Breaking words apart like this isn’t just helpful for understanding the meaning of complex compound nouns. You can also do this one syllable at a time and focus on the pronunciation of that syllable. For example: Start with “Rind-”. We have the R sound from the back of the throat. It is kind of blended into the I sound that directly follows the R. N and D become one and you end up with ND. Together we have “Rind-”. Do the same for the rest of the syllables. By breaking down the words into their individual syllables, you can improve your German pronunciation one sound at a time.
I often struggle with pretty much any German word that ends with -tion. Operation, Information, Kommunikation and so on. I think it is probably because they are usually incredibly similar to English words, but don’t share the same pronunciation. If this issue affects you, I would recommend doing what I did. Find a list of those words that have that same sound or combination of letters. Then read that list off and over exaggerate your pronunciation like you did in tip #3. You could also break them apart like you did in tip #4.
Find something that is difficult for you to pronounce. Then make a list of words that use that sound or combination of sounds. Go to Wiktionary.com. Look up the first word on your list. Listen to the audio pronunciation for that word. Then imitate it. Do this for each word on the list. Then go back and read them one after the other. Repetition is key to improving German pronunciation. The more you say it, the easier it will become to say it correctly.
Have you ever taken a course where they say something like “Listen and Repeat”, Escucha y Repite, Écoutez et répétez, or Hört zu und wiederholt? There is a reason for this. Teachers of foreign languages know that you need to work on your pronunciation. You need to hear how it sounds and try to imitate that sound.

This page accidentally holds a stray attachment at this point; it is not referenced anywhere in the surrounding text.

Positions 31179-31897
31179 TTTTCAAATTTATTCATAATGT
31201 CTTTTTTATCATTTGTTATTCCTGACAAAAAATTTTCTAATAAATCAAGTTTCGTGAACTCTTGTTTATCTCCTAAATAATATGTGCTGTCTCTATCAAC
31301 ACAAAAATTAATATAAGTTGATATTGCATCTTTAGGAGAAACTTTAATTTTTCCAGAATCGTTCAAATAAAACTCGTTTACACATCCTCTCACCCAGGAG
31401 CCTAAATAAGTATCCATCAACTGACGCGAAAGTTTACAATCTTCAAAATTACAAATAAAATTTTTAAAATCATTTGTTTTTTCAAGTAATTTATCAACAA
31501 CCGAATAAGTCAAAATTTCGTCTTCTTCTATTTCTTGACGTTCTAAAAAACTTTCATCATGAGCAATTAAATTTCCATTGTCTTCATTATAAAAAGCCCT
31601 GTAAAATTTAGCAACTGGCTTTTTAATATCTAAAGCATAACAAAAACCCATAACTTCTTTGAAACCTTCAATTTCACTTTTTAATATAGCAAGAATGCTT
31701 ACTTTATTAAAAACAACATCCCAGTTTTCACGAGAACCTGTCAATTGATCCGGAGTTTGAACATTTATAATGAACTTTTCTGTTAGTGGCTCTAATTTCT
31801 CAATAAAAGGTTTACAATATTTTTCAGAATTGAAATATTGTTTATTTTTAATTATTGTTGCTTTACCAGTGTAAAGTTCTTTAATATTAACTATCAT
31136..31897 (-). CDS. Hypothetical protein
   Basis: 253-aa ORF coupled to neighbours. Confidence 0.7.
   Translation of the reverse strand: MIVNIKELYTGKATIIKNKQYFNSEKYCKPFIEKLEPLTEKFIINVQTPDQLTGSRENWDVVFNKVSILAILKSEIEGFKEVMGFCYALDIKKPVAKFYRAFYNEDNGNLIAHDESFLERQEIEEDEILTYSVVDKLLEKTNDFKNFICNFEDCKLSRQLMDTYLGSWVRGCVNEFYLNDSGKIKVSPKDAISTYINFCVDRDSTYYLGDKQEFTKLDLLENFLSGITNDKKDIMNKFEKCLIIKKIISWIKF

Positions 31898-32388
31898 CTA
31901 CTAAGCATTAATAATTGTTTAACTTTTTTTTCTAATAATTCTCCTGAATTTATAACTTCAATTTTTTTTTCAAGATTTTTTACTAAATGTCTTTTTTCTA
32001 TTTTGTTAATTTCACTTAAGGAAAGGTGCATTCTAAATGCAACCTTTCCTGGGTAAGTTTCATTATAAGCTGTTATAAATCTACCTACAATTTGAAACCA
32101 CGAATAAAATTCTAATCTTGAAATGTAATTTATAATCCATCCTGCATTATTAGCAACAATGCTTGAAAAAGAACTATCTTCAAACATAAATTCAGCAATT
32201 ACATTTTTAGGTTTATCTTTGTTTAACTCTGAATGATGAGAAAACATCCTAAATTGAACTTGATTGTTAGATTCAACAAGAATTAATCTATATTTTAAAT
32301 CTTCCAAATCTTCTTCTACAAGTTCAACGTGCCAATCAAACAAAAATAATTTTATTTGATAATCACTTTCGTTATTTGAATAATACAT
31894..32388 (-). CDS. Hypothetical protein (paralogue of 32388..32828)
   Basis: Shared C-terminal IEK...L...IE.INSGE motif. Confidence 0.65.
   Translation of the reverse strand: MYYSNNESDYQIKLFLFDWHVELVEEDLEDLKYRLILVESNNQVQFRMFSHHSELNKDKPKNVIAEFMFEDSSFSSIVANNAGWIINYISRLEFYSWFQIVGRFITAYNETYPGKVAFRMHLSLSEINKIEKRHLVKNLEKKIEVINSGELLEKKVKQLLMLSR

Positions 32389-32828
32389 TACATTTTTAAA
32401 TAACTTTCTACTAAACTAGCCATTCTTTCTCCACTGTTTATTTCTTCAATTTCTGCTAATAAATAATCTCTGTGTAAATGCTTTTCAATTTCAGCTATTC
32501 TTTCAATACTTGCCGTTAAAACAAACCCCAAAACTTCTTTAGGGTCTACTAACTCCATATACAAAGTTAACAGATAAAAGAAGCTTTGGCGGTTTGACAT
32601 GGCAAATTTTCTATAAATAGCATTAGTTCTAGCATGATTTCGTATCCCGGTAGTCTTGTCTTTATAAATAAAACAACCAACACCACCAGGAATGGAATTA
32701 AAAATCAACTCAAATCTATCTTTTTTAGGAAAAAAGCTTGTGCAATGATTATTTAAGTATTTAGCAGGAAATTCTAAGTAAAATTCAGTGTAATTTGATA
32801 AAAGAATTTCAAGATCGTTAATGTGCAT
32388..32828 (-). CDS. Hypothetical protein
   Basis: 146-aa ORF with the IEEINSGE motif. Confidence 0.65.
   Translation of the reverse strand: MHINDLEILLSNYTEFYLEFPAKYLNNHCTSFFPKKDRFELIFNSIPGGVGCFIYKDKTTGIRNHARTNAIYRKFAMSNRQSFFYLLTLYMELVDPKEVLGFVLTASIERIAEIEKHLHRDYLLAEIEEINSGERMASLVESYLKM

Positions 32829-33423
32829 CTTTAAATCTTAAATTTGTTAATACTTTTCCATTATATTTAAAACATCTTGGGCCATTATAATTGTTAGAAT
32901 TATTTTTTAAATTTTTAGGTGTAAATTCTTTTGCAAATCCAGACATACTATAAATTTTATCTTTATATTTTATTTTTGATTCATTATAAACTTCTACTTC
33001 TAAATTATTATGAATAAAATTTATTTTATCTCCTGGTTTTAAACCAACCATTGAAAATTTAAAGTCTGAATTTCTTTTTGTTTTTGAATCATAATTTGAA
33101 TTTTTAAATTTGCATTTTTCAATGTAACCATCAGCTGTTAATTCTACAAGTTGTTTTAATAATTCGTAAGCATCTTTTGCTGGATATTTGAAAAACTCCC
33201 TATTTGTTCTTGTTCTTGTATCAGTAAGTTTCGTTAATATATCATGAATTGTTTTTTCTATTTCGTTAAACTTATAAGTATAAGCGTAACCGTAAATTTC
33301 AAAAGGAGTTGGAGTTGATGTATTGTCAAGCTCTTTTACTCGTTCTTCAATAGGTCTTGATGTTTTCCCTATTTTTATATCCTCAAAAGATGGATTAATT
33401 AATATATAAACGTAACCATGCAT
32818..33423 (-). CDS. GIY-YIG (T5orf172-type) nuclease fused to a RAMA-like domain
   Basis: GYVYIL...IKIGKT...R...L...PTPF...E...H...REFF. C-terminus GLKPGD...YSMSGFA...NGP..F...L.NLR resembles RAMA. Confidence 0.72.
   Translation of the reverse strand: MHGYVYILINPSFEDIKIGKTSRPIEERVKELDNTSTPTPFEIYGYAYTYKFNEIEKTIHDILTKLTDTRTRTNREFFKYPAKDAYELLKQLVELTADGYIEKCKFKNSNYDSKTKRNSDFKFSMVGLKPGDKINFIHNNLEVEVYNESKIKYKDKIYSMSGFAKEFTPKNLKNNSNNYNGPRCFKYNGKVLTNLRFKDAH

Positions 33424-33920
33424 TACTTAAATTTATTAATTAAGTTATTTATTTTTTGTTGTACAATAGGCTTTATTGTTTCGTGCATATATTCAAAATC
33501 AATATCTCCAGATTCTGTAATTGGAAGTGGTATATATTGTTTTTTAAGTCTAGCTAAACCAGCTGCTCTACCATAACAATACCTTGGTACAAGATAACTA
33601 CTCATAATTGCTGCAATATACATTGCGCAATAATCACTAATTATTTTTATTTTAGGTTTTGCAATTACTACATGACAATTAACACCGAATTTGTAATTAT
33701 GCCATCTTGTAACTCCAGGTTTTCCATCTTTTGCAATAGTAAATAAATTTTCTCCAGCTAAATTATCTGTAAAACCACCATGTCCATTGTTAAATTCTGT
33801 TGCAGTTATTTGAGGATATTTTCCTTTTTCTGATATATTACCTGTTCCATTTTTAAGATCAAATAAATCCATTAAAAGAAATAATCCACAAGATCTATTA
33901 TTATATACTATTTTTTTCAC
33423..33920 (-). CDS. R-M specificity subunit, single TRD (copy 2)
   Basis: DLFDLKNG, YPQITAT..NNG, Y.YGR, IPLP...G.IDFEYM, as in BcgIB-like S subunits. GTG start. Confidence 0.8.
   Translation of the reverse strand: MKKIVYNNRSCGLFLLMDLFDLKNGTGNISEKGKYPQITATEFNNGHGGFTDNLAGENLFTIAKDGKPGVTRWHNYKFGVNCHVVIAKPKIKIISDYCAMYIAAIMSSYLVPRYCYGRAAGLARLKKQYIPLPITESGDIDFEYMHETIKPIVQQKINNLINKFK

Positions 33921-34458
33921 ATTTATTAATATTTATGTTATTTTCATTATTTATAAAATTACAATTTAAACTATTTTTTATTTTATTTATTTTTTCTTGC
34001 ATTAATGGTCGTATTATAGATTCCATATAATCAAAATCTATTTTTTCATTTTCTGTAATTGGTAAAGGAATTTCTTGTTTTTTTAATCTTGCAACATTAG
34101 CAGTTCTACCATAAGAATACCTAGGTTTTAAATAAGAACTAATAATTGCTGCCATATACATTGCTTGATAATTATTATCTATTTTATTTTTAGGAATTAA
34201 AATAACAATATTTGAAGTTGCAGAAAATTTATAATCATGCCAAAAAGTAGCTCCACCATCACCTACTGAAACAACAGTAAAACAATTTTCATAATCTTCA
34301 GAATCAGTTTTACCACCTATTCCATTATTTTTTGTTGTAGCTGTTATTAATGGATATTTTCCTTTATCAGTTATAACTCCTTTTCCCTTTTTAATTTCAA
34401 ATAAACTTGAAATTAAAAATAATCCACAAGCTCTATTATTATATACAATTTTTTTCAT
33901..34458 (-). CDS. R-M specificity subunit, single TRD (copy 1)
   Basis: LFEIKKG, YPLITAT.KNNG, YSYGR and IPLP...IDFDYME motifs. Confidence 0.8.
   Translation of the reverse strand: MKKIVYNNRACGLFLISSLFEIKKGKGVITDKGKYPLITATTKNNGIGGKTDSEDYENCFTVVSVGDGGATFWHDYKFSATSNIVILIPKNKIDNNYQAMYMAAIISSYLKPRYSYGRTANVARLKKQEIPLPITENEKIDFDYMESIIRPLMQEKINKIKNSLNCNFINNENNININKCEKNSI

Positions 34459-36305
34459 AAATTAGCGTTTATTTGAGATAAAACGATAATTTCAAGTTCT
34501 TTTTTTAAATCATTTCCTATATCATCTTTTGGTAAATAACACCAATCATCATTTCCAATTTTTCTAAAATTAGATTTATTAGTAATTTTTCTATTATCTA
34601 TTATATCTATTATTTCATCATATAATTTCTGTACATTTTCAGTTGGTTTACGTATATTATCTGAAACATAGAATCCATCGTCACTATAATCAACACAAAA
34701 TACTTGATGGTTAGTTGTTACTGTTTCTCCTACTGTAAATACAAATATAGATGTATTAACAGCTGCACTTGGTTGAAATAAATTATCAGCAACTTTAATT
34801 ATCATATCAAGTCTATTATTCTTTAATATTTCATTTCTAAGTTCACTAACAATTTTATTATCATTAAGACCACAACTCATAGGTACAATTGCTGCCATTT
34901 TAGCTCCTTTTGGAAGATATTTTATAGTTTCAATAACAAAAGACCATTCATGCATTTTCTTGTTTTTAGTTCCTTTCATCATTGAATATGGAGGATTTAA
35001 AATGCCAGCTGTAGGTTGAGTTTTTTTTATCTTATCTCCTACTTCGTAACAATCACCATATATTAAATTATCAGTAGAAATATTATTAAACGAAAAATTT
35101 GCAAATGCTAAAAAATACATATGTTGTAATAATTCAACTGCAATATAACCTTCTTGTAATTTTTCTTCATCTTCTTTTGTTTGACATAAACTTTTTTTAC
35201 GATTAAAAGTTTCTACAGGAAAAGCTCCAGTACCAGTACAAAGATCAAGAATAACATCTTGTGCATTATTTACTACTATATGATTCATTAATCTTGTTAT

While I don’t think you should be as boring as your teacher probably was, you do need to try to imitate native speakers as best as you can to mold your accent to be more like theirs. I usually make my students read one word at a time then reread the whole sentence together. I say each word, then they repeat. Then I say the full sentence and they repeat that. It kind of reminds me of that scene in the Pink Panther movie with Steve Martin.
What is usually missing in this tip is that you need to be able to hear yourself say the words. Record yourself saying the words you are practicing. Then listen to what you said versus what the native speaker said. Was it the same? If it weren’t for your voices being different, was there something that would show which one of you said each version? If so, adjust your pronunciation and try again. This will help you to realize what you are saying is not correct, but more importantly, pinpoint the areas that need improvement, so you can improve. Imitation isn’t just about listening to native speakers and repeating what they say, it is also about listening to yourself when you say it.
#7: Tongue Twisters
The most counterintuitive tip on my list is to use tongue twisters to help improve your pronunciation. Usually we think of tongue twisters as things that make you mispronounce things. That’s kind of the point of them. In order to say them correctly, however, you have to really concentrate on the things you are saying. This forces you to concentrate on the pronunciation, which in turn makes you improve.
You can even use your tongue twisters to target tricky pronunciation issues for you. Let’s say you are having trouble with the umlauts. You could use this one to practice your ü sounds. It includes some long ü and some short ü sounds.
Müller Lümmer frühstückt schüsselweise grünes Gemüse.
Lümmer the miller eats green vegetables by the bowlful for breakfast.
Again, as I said in tip #3, exaggerate the pronunciation so your muscles in your mouth start to get trained to move in the ways that they need to in order to make German words. Break it apart if you need to, like I said in tip #4.
If you want to really take your pronunciation to a whole new level, check out my full German pronunciation guide for just $10. Or download it from within my e-book, which teaches the basics of the German language and is perfect for anyone just starting to learn German.